FIG. 11 is a cross sectional view of the attached buffer chamber of the present invention viewing at an angle of 300 degrees; and
FIG. 12 is a schematic, sectional, plan view showing the elbow of the present invention in use.
Please refer to FIGS. 4 and 5 in which a sectional plan view and a side view of renewable wear-proof elbow 1, according to the present invention, are respectively shown. Elbow 1 has inlet end 2 and outlet end 3. First flange 4 and second flange 5 are respectively provided around an outer rim of inlet end 2 and outlet end 3. A plurality of through holes 6 and 7 are respectively formed on first and second flanges 4 and 5 for screws to thread through for the purpose of coupling. Elbow 1 is further provided at a portion thereof substantially opposite to inlet end 2 with a first side opening which is provided around an outer rim thereof third flange 13. A plurality of threaded holes 14 are formed around third flange 13 at predetermined intervals. Chamber 9, having a second side opening, is detachably attached to elbow 1, such that the second side opening and fourth flange 11 integrally formed around an outer rim thereof are fitly in alignment with the first side opening of elbow 1 and third flange 13 thereof, respectively. A plurality of through holes 12 are provided on fourth flange 11 at intervals corresponding to threaded holes 14 formed on third flange 13 for screws 8 to thread therethrough, permitting chamber 9 to be firmly but detachably screwed to elbow 1 with its second side opening substantially facing inlet end 2 of elbow 1.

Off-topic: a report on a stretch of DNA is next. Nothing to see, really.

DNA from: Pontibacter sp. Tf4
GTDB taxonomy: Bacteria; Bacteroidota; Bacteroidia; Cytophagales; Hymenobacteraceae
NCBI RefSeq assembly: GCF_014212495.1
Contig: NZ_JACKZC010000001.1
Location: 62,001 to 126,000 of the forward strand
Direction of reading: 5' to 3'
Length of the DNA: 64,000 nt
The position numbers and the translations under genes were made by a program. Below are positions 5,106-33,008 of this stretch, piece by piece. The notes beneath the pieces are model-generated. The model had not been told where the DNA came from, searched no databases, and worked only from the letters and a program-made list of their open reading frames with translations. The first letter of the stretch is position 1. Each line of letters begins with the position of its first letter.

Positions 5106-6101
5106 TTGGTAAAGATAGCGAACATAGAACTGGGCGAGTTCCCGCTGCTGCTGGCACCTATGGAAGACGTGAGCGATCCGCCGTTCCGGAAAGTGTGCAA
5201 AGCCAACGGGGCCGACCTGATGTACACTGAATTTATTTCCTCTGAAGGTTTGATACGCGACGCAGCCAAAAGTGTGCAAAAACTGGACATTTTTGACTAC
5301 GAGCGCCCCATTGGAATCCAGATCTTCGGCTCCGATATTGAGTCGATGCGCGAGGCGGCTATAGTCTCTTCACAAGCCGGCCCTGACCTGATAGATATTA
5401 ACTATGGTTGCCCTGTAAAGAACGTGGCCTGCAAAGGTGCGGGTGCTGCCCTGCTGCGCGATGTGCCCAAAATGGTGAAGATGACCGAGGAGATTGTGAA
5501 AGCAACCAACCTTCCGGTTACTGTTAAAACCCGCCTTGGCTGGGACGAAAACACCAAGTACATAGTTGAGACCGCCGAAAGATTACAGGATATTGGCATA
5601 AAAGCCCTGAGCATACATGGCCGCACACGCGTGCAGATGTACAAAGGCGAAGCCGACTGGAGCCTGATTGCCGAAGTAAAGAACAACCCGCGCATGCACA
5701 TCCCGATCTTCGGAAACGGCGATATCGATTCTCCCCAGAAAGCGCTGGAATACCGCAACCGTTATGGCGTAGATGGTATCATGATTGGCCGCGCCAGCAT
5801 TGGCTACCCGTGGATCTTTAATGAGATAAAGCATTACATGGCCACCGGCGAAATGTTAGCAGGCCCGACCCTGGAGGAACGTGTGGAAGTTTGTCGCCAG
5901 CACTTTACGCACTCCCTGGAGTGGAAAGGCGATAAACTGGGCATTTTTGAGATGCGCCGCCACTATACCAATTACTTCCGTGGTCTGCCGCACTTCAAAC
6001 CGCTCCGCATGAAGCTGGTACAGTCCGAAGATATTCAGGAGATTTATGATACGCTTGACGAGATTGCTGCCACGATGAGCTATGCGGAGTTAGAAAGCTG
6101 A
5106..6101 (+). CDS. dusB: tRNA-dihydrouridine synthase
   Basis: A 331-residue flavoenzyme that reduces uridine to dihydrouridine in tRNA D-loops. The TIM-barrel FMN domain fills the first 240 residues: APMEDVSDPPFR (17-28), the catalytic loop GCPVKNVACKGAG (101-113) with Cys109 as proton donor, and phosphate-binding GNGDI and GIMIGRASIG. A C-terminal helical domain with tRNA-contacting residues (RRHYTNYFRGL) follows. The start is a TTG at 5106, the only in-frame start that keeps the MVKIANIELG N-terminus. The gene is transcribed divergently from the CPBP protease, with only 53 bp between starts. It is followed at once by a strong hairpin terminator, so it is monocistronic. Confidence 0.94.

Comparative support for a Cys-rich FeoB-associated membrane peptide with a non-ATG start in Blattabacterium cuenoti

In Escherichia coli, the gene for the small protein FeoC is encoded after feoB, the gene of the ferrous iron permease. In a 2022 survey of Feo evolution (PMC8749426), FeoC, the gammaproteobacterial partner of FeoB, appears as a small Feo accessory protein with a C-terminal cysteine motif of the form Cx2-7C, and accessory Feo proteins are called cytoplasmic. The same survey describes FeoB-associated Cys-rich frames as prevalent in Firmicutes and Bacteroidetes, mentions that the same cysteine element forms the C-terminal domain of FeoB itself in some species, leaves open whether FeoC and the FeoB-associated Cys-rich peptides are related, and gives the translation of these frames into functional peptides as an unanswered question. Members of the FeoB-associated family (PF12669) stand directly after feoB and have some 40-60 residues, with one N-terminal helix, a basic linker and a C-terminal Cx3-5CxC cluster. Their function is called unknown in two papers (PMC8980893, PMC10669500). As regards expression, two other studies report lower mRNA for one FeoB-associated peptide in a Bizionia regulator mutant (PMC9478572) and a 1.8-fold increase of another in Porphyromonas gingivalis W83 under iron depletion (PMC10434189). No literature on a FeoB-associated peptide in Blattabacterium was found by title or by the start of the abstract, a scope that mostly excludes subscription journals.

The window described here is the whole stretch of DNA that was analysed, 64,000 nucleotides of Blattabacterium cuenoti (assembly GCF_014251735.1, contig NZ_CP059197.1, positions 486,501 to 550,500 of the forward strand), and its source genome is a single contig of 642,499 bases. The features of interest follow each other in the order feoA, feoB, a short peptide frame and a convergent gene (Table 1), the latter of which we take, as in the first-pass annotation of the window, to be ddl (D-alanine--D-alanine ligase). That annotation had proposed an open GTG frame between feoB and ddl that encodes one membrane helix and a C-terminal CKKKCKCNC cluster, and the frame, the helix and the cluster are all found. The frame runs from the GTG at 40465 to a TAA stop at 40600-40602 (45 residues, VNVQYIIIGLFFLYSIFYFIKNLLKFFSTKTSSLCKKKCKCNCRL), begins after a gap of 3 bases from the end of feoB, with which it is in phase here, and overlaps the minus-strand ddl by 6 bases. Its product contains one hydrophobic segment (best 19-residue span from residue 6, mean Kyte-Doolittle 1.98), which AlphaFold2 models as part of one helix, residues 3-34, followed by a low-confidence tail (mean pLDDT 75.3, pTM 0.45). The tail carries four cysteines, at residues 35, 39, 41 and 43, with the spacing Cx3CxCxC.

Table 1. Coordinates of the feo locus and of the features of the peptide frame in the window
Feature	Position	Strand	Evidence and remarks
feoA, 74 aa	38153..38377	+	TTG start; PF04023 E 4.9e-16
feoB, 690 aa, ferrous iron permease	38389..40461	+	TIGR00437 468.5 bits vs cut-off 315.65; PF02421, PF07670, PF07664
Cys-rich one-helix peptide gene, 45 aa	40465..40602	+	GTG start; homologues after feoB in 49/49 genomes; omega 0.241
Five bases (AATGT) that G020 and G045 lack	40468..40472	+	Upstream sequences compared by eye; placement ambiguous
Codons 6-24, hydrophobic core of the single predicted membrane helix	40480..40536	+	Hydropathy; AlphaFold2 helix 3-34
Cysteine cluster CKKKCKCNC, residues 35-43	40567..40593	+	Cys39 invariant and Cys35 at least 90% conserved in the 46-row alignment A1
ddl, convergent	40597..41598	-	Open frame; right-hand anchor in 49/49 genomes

Buffer chamber 9 has an inner space approximate to a half rounded-head cone and therefore has cross sectional areas gradually increasing from top to bottom.
The elbow 1 further comprises a bent pipe wall section 23 near the first side opening so as to allow the buffer chamber 9 to be affixed to the elbow 1 in a manner such that the central axis of the buffer chamber 22 is offset with respect to the central axis of the inlet 21.